• Verify that a daily cron function is running in gentoo

  • How to run the jack audio connection seamlessly in gnome on Fedora
  • Never Installed a Firewall on Ubuntu? Try Firestarter
  • TuxGuitar - A multitrack guitar tablature editor and player
  • Process monitoring with ps-watcher
  • A Poor Man’s Multi-Monitor Setup On A Single Physical Head

Installing Linux apps: A few good tips

Filed under
HowTos

computerworld.com: Sooner or later, we all end up installing new software on our computers. Whether it's a new version of Firefox, or a cool game, or a video editing package, there comes a time when you want to make your system do more than it can do now.

Define “Contributions”

Filed under
Linux
Ubuntu

redmonk.com/sogrady: In his opening keynote at the Linux Plumbers Conference in Portland, Greg Kroah-Hartman did so succinctly, if bluntly. His metric? Kernel contributions. Simple. Underneath all the rhetoric and the broadsides lies a real question: is Canonical a member in good standing of the Linux ecosystem?

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More in Tux Machines

Leftovers: Software

  • A Quick Hands-On With Chatty, A Desktop Twitch Chat Client
    Chatty is a desktop Twitch Chat client for Windows, macOS and Linux written in Ja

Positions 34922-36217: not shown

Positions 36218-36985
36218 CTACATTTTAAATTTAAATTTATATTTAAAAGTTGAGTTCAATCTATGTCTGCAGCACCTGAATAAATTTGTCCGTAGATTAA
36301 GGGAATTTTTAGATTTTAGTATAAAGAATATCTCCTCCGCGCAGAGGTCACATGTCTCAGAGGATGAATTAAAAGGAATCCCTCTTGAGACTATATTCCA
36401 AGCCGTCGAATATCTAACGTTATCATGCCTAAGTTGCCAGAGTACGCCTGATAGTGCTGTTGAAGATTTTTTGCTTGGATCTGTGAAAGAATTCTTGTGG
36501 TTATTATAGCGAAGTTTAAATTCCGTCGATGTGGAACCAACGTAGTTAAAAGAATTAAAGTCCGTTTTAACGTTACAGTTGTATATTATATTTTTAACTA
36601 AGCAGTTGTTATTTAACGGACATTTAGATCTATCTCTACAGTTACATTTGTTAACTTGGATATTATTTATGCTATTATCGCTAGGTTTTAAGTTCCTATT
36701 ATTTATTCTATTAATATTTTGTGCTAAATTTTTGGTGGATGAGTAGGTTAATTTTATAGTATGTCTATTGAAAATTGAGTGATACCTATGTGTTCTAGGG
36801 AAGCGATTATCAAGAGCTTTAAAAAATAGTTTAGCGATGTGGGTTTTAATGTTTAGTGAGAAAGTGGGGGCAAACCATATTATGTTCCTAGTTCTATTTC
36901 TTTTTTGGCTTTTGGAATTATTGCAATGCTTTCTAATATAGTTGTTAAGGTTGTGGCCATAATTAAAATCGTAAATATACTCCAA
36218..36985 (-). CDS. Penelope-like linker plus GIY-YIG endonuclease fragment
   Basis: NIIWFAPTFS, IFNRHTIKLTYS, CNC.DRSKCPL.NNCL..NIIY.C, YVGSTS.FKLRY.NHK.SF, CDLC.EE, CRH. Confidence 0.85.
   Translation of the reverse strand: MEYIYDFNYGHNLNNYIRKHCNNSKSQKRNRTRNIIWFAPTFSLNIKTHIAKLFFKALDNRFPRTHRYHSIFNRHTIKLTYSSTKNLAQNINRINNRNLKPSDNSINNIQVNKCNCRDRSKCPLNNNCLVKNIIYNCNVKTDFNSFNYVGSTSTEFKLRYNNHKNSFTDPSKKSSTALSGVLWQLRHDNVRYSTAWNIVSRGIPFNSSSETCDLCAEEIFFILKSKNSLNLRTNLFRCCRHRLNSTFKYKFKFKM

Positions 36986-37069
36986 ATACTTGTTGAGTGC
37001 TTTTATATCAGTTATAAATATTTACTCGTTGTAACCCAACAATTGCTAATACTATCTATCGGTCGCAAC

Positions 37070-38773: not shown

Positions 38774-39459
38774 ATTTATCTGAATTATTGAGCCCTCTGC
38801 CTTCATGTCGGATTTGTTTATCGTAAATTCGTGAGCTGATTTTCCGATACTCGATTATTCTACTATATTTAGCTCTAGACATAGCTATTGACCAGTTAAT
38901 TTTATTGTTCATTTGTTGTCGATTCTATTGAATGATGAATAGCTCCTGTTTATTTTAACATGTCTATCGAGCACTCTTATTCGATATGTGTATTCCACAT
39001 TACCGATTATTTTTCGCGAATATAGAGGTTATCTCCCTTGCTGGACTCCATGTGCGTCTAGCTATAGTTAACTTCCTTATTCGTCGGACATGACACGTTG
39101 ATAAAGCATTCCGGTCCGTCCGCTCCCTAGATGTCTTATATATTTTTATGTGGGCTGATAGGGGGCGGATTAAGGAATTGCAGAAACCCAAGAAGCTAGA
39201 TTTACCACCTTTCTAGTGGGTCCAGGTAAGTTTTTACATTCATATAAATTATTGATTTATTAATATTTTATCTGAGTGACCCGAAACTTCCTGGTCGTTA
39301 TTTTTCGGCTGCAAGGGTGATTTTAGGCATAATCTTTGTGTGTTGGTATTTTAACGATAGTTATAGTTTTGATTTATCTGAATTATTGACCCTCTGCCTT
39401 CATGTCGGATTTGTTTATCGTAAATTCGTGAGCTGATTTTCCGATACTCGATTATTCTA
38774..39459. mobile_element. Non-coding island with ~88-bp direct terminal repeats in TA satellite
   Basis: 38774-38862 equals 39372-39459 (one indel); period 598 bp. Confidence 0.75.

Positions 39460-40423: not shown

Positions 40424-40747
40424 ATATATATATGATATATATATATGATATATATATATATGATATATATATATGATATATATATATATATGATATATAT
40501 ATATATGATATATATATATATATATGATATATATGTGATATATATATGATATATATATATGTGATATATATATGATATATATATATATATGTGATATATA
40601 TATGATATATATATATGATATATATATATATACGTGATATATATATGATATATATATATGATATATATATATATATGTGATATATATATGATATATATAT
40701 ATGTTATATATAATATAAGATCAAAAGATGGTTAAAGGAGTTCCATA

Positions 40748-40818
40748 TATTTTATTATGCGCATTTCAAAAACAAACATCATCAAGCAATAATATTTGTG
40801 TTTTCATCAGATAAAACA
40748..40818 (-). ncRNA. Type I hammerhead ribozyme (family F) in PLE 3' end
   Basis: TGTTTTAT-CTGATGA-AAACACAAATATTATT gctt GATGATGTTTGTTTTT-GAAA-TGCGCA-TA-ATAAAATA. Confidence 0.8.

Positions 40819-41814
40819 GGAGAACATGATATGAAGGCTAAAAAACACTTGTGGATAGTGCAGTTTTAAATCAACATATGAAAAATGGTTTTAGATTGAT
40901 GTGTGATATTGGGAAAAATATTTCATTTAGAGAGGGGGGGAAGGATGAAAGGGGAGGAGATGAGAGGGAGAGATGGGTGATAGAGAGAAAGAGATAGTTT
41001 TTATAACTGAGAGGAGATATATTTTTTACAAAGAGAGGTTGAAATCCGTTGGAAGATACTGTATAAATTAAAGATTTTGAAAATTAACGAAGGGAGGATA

• HP Linux Imaging and Printing 3.16.8 Adds Support for Linux Mint 18, Fedora 24
    The open-source HP Linux Imaging and Printing (HPLIP) project has been updated on August 29, 2016, to version 3.16.8, a maintenance update that adds support for new printers and GNU/Linux operating systems. According to the release notes, HP Linux Imaging and Printing 3.16.8 adds support for new all-in-one HP printers, including HP OfficeJet Pro 6970, HP OfficeJet Pro 6960, HP OfficeJet 250 Mobile, HP DeskJet 3700, as well as HP DeskJet Ink Advantage 3700. Also new in the HPLIP 3.16.8 update is support for the recently released Linux Mint 18 "Sarah" Cinnamon, MATE, Xfce, and the upcoming KDE editions, the Fedora 24 Linux operating system, as well as the Debian GNU/Linux 8.5 "Jessie" distribution. So if you're using any of these OSes, you can now update to the latest HPLIP release.
  • MPlayer-Based MPV 0.20.0 Video Player Released with New Options and Commands